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Thursday, January 10, 2013

Literary Inspiration: Girl with a Pearl Earring

I recently finished reading Girl with a Pearl Earring by Tracy Chevalier. It is set in 17th Century Holland and is historical fiction about the girl who is the subject of the painting that shares its title with the book. I was fascinated by the main characters name, and pleased by some of the minor characters, so I thought I would feature it on the blog. It became even more fascinating when I realized that over half the names in the book are real people, and that I was dealing with part of a real-life massive sibling set! Ready for this? It could get long....

Fictional Characters
The main character is named Griet, pronounced "greet". The name seemed very unique and I was curious where it came from. Some googling revealed its a nickname for Margriet, the dutch version of Margaret. The meaning is pearl.  I think Margriet is charming spin on the popular English name . and Griet could be a unique nickname.

Griet's sister in the book is named Agnes. I most closely associate the name Agnes with a folk song called "Lovely Agnes", which is a very positive association for me. Agnes is Greek in origin and means "pure and holy". The most obvious nickname, Aggie, is a common nickname for the beautiful stones called agates in my neck of the woods. I feel like Agnes fits in well with a lot of other rising old-school names like Ester, Ethel, Harriet, and Stella.

Griet and Agnes also have a brother named Frans. Frans is a variant of Francis, which is Latin and means "frenchman" or "free man". There are a number of other similar variants of the name Francis like Frantz, Franzen, and Franchesco. Frans seems a bit foreign and mysterious, but still familiar like Hans. I think this could have a lot of appeal.

Griet is courted by a butcher's son, Pieter. This is a Dutch/German spelling of the name Peter (same pronunciation). With parents loving unique spellings its a nice option. Peter is a Greek name meaning rock.

Griet works with another made named Tanneka. I have been unable to track any history or origin to this. It feels like a variation on Anneka or perhaps Danica. I am going to go with Danica because its Danish in origin. It means "morning star'.

Historical Figures
The book includes many members of Johannes Vermeer's family. Johannes (pronounced yo-hon-es) is a variation of John, and means "god is gracious". It is a slightly longer and softer version than Johann (like Johann Sebarstian Bach). The Germanic J (sounding like Y), might cause some pronunciation issues, but not so many its unusable. The last name,. Vermeer, could also make an interesting boy's name, particularly if you are fond of Vermeer's work.

Johannes is married to Catharina, which is derived from the very similar Catherine. Origins are Greek and these names mean "pure". I have heard Katerina and Catherine, but I have not seen the in-between option of Catherina, which has both the soft "th" sound and the soft a ending. It is very beautiful. Nickname options could be Cathy, Ari, or Rina (along with the less obvious options like Cat, Kitty).

Now here is the crazy part. Catharina and Johannes had 10 children! Not all of them are featured in the book, but the real life sibset was:  Maria, Elisabeth, Cornelia, Aleydis, Beatrix, Johannes, Gertruyd, Franciscus, Catharina, and Ignatius. What a mix of "common" names (Maria, Elisabeth), old fashioned (but possibly new again?) names (Cornelia, Beatrix, Gertruyd, Franciscus) and unique names (Aleydis and Ignatius).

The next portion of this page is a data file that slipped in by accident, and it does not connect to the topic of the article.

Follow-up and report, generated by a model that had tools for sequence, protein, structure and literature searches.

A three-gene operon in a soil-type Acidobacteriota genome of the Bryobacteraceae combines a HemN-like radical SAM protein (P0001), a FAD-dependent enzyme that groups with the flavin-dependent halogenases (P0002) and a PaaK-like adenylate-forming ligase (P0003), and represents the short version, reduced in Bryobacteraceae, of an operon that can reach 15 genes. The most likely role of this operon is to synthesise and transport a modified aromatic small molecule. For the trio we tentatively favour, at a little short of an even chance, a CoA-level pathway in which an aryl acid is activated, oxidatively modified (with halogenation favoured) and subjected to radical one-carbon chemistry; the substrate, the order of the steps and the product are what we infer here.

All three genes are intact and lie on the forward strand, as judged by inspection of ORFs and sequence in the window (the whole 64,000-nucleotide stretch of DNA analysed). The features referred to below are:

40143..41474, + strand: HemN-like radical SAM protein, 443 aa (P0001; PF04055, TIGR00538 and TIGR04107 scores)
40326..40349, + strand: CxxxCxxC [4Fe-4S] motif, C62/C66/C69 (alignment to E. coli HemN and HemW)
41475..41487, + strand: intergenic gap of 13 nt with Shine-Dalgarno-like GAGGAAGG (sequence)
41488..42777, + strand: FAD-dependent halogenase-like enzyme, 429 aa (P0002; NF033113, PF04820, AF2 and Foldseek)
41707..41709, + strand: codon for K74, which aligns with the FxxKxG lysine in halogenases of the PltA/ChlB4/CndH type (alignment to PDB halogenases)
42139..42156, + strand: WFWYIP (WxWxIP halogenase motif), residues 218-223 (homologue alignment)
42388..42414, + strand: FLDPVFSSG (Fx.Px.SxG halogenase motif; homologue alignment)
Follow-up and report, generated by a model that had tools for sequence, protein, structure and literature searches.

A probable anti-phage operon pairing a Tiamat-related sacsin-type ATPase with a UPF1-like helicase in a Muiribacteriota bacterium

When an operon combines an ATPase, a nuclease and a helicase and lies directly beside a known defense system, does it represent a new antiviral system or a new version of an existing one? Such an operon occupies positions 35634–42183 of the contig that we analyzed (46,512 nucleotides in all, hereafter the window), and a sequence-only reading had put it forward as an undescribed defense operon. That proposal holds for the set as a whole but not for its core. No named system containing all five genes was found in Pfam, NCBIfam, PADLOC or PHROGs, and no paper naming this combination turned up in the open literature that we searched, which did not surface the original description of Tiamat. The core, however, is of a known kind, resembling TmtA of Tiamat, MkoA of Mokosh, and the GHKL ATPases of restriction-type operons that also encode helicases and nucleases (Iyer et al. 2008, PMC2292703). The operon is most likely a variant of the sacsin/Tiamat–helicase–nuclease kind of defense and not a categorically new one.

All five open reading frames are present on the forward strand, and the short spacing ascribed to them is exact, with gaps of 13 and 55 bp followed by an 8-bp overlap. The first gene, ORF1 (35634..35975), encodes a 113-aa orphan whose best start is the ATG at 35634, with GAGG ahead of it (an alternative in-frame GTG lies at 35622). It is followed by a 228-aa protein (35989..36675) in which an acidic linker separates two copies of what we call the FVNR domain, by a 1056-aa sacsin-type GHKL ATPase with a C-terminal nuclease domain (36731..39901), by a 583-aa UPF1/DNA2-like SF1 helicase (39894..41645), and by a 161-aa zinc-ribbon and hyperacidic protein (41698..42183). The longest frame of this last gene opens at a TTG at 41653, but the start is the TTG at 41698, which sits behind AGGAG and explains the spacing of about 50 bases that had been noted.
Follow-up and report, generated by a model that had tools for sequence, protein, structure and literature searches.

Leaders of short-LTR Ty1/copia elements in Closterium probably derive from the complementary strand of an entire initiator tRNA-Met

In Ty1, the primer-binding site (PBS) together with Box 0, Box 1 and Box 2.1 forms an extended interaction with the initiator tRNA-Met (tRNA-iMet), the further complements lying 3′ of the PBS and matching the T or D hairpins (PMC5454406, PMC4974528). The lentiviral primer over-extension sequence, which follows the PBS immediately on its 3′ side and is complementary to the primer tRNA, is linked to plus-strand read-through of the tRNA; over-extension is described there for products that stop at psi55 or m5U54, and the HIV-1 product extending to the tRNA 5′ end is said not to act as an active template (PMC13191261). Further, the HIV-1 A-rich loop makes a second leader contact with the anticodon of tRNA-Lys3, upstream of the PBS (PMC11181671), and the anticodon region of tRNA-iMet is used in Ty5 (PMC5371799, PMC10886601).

I feel like Beatrice and Beatrix are ripe for a rise. They have that classic feel to them like other names growing in popularity- Harriet, Eleanor, Mathilda, and the adorable nickname options of Bea for the reserved or Trixie for the playful (to match the nicknames Hattie, Ellie, and Tilly for example). Beatrix means "voyageur through life" and is Latin in origin.

I also have been growing fond of Cornelia, since it featured in my Thanksgiving post. It means horn. I like then nickname Neila.

With a discussion of Francis up above, I don't think Franciscus needs more discussion.

Gertruyd, a variation on Gertrude, is probably the least likely to rise from this bunch IMO, but still possible. Trudy is another nickname and a more modern variant. Gertruyd means "good spear" in old German.

Ignatius is actually a Harry Potter name, so I would have gotten to it eventually. It is most likely derived from Latin and means burning fire (like "to ignite"). Possible nicknames or variations are Iggy, Ignace, or Inigo (Hello, my name is Inigo Montoya, prepare to die!)

Aleydis is more mysterious. There is a saint Aleydis, patron saint of the blind and paralyzed. I am unsure of the pronunciation of this name, but it is a variation of Adelaide, another old gorgeous name ripe for rise. Adelaide means "noble and kind".

Author's Variation
Then there are the "common" names. Maria and Elisabeth. I have a feeling that the author of Girl with a Pearl Earring is a nameaholic, because these names were just too ordinary for her! In the book, she named these two girls Maertga and Lisbeth. Perhaps she just meant Lisbeth as a nickname for the true Elisabeth (a beautiful nickname or alternate name!), but Maertga is not just a nickname for Maria. Actually, Maertga does appear in Vermeer's family tree- it is his aunt! I cannot find any record on what this name means or its derivation.

What do you think? If you made it through the post, do any of the names from this book strike your fancy? I know a couple of the will stick with me!

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